No votes for moral cops, say Bangalore youth

March 25th, 2009 - 12:43 pm ICT by IANS  

Bangalore, March 25 (IANS) Youth in Bangalore and other parts of Karnatake are determined not to bow down before moral cops and say they will vote for candidates who stand for freedom and against forcible enforcement of one’s view on others.
The youth see the upcoming Lok Sabha polls as an opportunity to make the right choice.

“There is a subtle sense of fear in Bangalore. Recent incidents are a testimony that we’re not safe. In the name of moral policing, women are attacked. So was a man a few days back,” said first-time voter Shikha Gowda (18), who is pursuing her bachelor of arts at Mount Carmel College.

“We’re not going to bow down in front of moral cops. Who are they to tell us what is right and wrong? I will cast my vote for the candidate who will ensure our safety and security and punish all anti-social elements,” Shikha told IANS.

Agreeing with Shikha’s view, Utpal Agarwal, a 21-year-old postgraduate student of mass communication at Bangalore University, said it was the young people of Bangalore who had come under attack by moral cops.

“It is sad that in a metropolis like Bangalore, women are attacked by miscreants on the pretext of wearing western outfits. We are citizens of a free society and we should not allow the goons to take over our lives. I am going to vote for the candidate who promises to make the city free from moral policing and hooliganism,” said Agarwal.

Since Feb 17, when the first attack on a woman in the upscale Indiranagar area happened, around 10 such cases have been reported from different parts of the city. All the cases follow a pattern as motor-cycle borne attackers target women by physically and verbally abusing them for wearing western outfits.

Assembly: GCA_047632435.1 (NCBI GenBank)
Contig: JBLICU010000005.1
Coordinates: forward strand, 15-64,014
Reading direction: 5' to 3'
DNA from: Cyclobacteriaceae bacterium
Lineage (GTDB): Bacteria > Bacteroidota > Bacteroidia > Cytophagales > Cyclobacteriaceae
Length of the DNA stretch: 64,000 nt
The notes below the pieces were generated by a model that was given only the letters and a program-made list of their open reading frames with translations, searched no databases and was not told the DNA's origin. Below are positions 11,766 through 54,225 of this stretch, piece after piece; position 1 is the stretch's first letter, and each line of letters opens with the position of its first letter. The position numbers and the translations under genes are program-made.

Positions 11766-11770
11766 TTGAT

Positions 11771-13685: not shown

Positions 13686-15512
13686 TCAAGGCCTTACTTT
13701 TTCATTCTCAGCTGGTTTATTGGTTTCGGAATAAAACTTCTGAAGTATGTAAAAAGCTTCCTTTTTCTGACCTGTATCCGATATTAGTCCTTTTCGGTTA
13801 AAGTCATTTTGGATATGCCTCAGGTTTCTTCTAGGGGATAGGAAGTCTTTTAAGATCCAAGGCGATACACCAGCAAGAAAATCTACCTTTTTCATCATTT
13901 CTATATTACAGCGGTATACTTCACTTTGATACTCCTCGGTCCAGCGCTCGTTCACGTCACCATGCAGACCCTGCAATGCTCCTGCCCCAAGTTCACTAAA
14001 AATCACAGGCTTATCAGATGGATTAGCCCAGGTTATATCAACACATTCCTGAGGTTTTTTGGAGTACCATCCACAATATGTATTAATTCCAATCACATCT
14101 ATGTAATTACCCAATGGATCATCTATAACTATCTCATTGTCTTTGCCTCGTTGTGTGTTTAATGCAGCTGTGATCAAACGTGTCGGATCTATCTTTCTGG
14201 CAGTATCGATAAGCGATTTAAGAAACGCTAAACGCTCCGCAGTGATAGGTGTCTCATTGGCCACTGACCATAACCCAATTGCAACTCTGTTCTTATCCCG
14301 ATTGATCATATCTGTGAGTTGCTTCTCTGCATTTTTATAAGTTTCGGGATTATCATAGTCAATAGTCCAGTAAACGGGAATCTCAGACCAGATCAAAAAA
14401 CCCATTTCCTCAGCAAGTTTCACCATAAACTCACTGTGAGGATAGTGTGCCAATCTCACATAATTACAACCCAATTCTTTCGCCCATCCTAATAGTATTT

On Sunday, the first incident of an attack on a man was reported. Jagdeesh B.N. was attacked for apparently wearing a sleeveless T-shirt.

“This is the time of reckoning. Youth, the harbinger of change, need to think seriously before they cast their vote for any candidate. I would suggest to the young voters to consider the contributions and promises made by the candidates before voting,” said D. Jeevan Kumar, director of the Centre for Gandhian Studies, Bangalore University.

“The cases of attack on people in Bangalore and Mangalore in the name of moral policing are shameful. Youth, who form a major chunk of the voting population, need to think carefully before voting.”

In nearby Mangalore city, 350 km from Bangalore, a series of attacks on youth by Hindutva groups has happened after the infamous attack on women at a pub in Bangalore by activists of the Sri Rama Sene (Army of Lord Rama) on Jan 24.

Around 50 percent of Bangalore’s population belongs to the age group of 18-39.

“My verdict will go against those who are supporting moral policing in Bangalore and tarnishing the good old name of the city,” said Arpan Majumdar, a final year student of the Rashtriya Vidyalaya Engineering College.

“I am against moral policing of any kind. My vote will be to make the city a safe haven for one and all,” smiled Praveen Jindal, who is pursuing his doctorate in medicine at the Institute of Aerospace Medicine.

The polling day in Bangalore is April 23.

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